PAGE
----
Creditors and Debtors
dual-channel video installation, 2016
In their video installation “Gläubiger & Schuldner” (Creditors and Debtors), Empfangshalle enter a place where wealth and misery literally face each other. Not far from the Munich central train station (Hauptbahnhof) and close to the artist duo’s studio is the Abtei Sankt Bonifaz (Abbey of St. Boniface), which with its soup kitchen, clothing depot, showers and medical practice has served as a central point of contact for the homeless for many years. On the other side of the Karlstraße is the Lenbach Gärten, a comparatively new and most exclusive building complex that includes a 5 star hotel, office and residential buildings with concierge and doorman service.
And between them two men in dark clothing, crossing this Karlstraße in an endless loop, as if it were a threshold. While the path of the one leads from the abbey church’s holy water font to the fountain on the Piazzetta, the other’s path takes the opposite direction, from the Arcadia of a square in Mediterranean style monitored by a security service to the church portal, where the homeless camp at night under the arcade of the columned roof. The path of the two artists crosses briefly, but no interaction occurs. Their eyes remain on the respective destinations of their path: the fountain and the holy water font. There, they then perform a ritual of purification – the washing of hands performed by all cultures as purification of the body, and the sign of the cross with holy water that evokes Christian baptism as symbolic cleansing of (original) sin.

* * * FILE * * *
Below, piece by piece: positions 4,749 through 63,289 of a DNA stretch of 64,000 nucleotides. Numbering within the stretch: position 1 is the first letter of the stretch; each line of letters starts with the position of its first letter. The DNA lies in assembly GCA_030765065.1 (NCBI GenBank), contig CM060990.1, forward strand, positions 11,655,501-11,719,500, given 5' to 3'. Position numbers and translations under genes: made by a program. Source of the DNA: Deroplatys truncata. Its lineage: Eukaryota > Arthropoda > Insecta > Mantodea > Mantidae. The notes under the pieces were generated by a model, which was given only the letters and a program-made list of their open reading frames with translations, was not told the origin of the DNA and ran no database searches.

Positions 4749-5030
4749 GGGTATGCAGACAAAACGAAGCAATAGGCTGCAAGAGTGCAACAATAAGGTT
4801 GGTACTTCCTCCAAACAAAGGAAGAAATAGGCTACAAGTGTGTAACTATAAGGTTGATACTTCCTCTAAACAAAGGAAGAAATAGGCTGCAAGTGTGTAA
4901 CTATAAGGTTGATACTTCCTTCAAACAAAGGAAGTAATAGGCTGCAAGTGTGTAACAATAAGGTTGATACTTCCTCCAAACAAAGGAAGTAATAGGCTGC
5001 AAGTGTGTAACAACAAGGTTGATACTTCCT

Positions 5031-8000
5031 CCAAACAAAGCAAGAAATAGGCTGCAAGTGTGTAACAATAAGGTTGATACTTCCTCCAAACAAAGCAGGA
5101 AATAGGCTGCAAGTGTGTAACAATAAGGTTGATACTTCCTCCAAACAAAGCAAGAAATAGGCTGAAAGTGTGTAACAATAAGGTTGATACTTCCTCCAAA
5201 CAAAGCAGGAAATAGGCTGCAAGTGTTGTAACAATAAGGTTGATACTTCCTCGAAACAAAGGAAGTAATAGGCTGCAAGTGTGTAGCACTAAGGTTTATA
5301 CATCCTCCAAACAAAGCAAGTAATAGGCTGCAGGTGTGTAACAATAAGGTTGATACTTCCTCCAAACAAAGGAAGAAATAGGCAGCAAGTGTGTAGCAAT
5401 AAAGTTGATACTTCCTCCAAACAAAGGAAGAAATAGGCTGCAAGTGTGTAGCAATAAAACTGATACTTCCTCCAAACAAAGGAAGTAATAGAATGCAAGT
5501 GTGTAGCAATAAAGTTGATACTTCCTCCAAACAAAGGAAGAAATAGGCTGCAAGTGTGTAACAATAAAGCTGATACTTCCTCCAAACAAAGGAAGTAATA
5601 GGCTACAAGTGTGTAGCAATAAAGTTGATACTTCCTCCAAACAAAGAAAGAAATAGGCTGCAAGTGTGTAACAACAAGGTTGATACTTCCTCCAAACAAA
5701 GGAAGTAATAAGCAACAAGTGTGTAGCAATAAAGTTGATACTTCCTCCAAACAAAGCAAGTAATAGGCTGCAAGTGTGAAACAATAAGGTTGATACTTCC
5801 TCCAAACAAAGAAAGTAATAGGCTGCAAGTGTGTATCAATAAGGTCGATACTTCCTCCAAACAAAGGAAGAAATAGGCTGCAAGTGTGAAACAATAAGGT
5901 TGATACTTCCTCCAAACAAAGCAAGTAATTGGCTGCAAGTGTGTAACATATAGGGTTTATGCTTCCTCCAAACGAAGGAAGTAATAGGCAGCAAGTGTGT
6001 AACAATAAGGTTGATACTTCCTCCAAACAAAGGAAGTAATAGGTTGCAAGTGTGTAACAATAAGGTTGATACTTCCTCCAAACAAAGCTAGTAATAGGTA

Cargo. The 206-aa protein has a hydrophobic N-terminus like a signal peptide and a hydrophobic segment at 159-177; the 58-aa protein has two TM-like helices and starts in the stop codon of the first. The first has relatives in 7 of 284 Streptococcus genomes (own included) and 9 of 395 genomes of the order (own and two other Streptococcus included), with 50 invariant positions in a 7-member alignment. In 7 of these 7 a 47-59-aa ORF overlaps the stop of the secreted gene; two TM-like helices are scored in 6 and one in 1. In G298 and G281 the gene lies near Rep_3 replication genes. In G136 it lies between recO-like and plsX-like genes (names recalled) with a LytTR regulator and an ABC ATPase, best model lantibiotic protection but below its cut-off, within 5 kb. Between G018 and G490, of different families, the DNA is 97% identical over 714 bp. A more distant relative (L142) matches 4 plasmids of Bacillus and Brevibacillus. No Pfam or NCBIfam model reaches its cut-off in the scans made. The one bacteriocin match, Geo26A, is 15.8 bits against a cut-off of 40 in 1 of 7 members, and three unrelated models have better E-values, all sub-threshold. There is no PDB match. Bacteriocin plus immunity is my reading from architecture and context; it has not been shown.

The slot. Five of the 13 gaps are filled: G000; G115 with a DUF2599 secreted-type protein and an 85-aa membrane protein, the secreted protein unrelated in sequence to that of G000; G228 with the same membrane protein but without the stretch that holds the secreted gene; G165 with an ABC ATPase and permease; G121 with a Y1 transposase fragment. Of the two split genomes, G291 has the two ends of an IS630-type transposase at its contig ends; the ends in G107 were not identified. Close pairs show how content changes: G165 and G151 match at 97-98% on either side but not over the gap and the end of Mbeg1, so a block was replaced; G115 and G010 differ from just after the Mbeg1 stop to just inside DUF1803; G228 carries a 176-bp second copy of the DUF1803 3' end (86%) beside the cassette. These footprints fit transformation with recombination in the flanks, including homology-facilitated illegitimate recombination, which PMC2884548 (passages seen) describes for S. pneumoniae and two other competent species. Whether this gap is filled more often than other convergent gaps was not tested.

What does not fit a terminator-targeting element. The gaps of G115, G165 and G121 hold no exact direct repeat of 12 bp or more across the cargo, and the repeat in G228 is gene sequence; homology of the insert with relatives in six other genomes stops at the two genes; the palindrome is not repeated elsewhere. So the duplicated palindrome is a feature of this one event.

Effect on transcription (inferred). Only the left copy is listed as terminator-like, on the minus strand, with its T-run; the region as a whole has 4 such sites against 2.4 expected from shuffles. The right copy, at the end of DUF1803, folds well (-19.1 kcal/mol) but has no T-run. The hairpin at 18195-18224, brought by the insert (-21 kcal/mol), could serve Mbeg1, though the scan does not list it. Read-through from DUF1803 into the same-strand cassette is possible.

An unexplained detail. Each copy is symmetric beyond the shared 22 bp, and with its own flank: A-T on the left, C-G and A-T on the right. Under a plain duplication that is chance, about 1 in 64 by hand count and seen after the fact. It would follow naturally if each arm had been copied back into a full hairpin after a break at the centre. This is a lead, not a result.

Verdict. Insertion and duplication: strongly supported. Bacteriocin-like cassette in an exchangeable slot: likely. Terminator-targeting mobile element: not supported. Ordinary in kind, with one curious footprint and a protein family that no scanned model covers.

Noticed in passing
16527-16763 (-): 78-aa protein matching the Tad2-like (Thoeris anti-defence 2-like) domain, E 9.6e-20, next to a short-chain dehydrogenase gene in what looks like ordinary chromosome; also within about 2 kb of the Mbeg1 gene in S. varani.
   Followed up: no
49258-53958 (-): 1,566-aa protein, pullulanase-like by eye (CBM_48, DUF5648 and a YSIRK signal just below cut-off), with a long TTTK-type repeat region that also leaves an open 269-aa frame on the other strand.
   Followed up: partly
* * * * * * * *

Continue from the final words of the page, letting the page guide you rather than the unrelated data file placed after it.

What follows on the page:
To be sure, the destination turns out to be no more than a way-station, as it seems as though neither of the two men is entirely at home in these spheres. In each case the other appears more attractive. And thus the path leads neither into the interior of the church nor into the private rooms of the luxury buildings. Empfangshalle doubles back, again and again, only to perform the purification ritual anew, once again, as if seeking to obliterate in the one place the traces of the other.
The paradox of rich and poor, materialism and spirituality co-existing side by side is captured in an image: the ritual that itself marks a threshold – hygiene as separation of public and private, and the re-enactment of baptism at the threshold between the profane and the sacred – is dissolved and becomes a walkover.